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Religious Studies

Religious Studies explores religious thought and practice in various historical, political, cultural, and social contexts in order to understand and interpret societies and cultures throughout the world. It fosters scholarly skills such as close reading (of texts, images, artifacts, and other social data), excellence in writing and verbal expression, interpretation of the past and present from multiple forms of evidence, and assessment of contemporary social issues. By exploring the public and private concerns that the study of religion highlights -- for example, the creation of community, the nature of the individual, suffering and death, notions of good and evil -- students discover new ways of engaging the complex world in which they live. As students examine religious activity in the Americas, South and East Asia, the Middle East and West Asia, Africa, and Europe, they not only learn about the formation and transmission of beliefs, behaviors, values, rituals, and identities but also come to understand how diverse peoples have expressed religious understandings of themselves and others through politics, institutions, conflicts, and spaces commonly recognized as secular.

1. Basic Requirement

A concentration in Religious Studies includes a minimum of nine semester-long courses.  Those nine courses include RELS 1000 (a seminar in methods in the study of religion) and eight other courses, which must satisfy the concentration's distribution requirements.  Students who transfer to Brown or study abroad must complete at least five courses in Religious Studies at Brown. 

2. Distribution of Introductory, Intermediate, and Advanced courses:

Among the eight concentration courses, no more than four courses (out of nine) can be at the introductory level (0001-0199). In addition to any introductory courses and RELS 1000, the plan of study must include at least two intermediate-level courses (0200-0999) and two advanced-level courses (above 1000).

3. Geographic and Methodological Distribution:

In order to ensure that students study a diversity of religious traditions and learn about multiple methods of study, the eight concentration courses (that is, the courses other than RELS 1000) must:  1) reflect more than one approach to the study of religion (e.g., philosophical, anthropological, historical); and 2) examine more than one religious tradition.  To ensure that students examine multiple traditions, the plan of study ordinarily should include two or more courses in each of these areas: A) Traditions that merge from the Mediterranean world and West Asia/Islamic World (e.g., Judaism, Christianity, Islam); and B) Traditions that emerge from South and East Asia (e.g., Buddhism, Hinduism, Daoism). 

A. Traditions that emerge from the Mediterranean world and West Asia/Islamic World (e.g., Christianity, Judaism, Islam)
Faith and Violence
Sacred Stories
Introduction to the New Testament
Wealth: Religious Approaches
Love: The Concept and Practice
Modern Problems of Belief
Spiritual But Not Religious: Making Spirituality in America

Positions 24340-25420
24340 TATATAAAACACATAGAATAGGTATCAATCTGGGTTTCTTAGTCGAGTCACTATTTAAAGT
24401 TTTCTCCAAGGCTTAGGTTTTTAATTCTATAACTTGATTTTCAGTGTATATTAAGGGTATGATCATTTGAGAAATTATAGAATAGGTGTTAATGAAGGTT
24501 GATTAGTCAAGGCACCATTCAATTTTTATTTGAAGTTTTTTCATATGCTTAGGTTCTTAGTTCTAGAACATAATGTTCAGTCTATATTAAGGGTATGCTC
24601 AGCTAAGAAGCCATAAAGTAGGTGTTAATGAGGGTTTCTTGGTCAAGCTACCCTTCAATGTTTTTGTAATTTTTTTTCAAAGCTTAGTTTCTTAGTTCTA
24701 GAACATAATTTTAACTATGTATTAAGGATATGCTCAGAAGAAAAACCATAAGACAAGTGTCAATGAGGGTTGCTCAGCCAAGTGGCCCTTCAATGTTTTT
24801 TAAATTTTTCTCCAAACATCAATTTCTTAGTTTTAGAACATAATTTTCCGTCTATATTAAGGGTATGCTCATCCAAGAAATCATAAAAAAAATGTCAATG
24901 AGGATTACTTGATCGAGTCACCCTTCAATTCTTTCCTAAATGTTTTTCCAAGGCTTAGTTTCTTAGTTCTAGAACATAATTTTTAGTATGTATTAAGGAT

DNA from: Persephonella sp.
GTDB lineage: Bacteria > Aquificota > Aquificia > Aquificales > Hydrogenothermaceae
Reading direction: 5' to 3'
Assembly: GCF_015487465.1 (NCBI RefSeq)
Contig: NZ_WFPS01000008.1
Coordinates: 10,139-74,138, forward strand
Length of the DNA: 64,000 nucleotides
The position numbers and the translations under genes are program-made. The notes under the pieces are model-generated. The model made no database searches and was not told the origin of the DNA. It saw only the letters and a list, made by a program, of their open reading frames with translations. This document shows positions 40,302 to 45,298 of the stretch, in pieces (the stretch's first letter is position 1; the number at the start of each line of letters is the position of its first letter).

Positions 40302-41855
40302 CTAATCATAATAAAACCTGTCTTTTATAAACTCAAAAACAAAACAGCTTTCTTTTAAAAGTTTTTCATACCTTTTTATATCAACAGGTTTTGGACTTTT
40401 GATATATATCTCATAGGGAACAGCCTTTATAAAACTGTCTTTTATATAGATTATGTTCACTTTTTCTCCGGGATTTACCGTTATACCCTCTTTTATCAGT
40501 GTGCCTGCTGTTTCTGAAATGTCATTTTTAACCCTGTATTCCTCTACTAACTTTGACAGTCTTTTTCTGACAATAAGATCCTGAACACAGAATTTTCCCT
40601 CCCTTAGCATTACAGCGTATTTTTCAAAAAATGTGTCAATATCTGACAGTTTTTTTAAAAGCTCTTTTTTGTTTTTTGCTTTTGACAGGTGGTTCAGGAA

Christianity and Culture
Foreigners, Refugees, and the Ethics of Minority (JUDS 0061)
The Bible and Moral Debate (JUDS 0060)
Antisemitism: A History (JUDS 0063)
On Being Human: Religious and Philosophical Conceptions of Self
Religion and Torture
Exodus: Freedom in the Modern Black and Jewish Religious Imaginations
Blues People:Topics in African American Religion and Culture
Religion and Movement Politics
Religion in America
Judaism, Christianity, and Islam
Faith and Violence
Friendship in the Ancient World
Radical Romantics: Politics, Ecology, and Religion
Death and Afterlife in the Biblical Tradition
Christmas in America
Pilgrimage and Quest
Islam, Violence and Media
Islam from the Ground Up
The Imaginary Lives of Muslims
Islam Unveiled
Gender in Early Jewish and Christian Narratives
Christianity and Economic Inequality
Judaism and Christianity in Conflict
Religion Gone Wild: Spirituality and the Environment
Islamic Sexualities
Defense Against the Dark Arts in the Ancient World
Israelite Religion
Great Jewish Books
How the Bible Became Holy
Christianity in Late Antiquity
Ancient Christian Culture
Sacred Bodies
Sacred Stories
Islam Today: Religion and Culture in the Modern Middle East and Beyond
Islam in America
Radical Islam (?)
Black & Brown Islam in the US
Dying To Be With God: Jihad, Past and Present
The Bible as Literature (JUDS 0830)
Race, Religion, and the Secular (JUDS 0603)
How the Bible became Holy (JUDS 0682)
The Language of Religious Faith (JUDS 0820)
War and Peace in the Hebrew Bible and Its Environment (JUDS 0670)
Gender in Early Jewish and Christian Texts (JUDS 0606)
Conservatives vs. Liberals: Religion and Identity in America
African American Religious Strategies: Martin and Malcolm
Social Justice and the Musical Afrofuture
Foundational Texts in African American Theology
Religion, Reason, and Ethics from Kant to Nietzsche
Black and Brown Religion in America
Religion and Politics
Far-Right Religious Terrorism
Religious Freedom in America
Liberation Theology in the Americas
Fascism: 1933 - Present (UNIV 0701)
Problems in Israelite Religion and Ancient Judaism (JUDS 1625)
Heidegger, the Jew and the Crisis of Liberalism (JUDS 1614)
Prophets and Priests in Exile: Biblical Literature of the 6th Century BCE (JUDS 1690)
Jewish Magic (JUDS 1801)
Jewish and Christian Identity in the Ancient Period (JUDS 1601)
Digging for the Bible: Science, Religion, and Politics (JUDS 1974)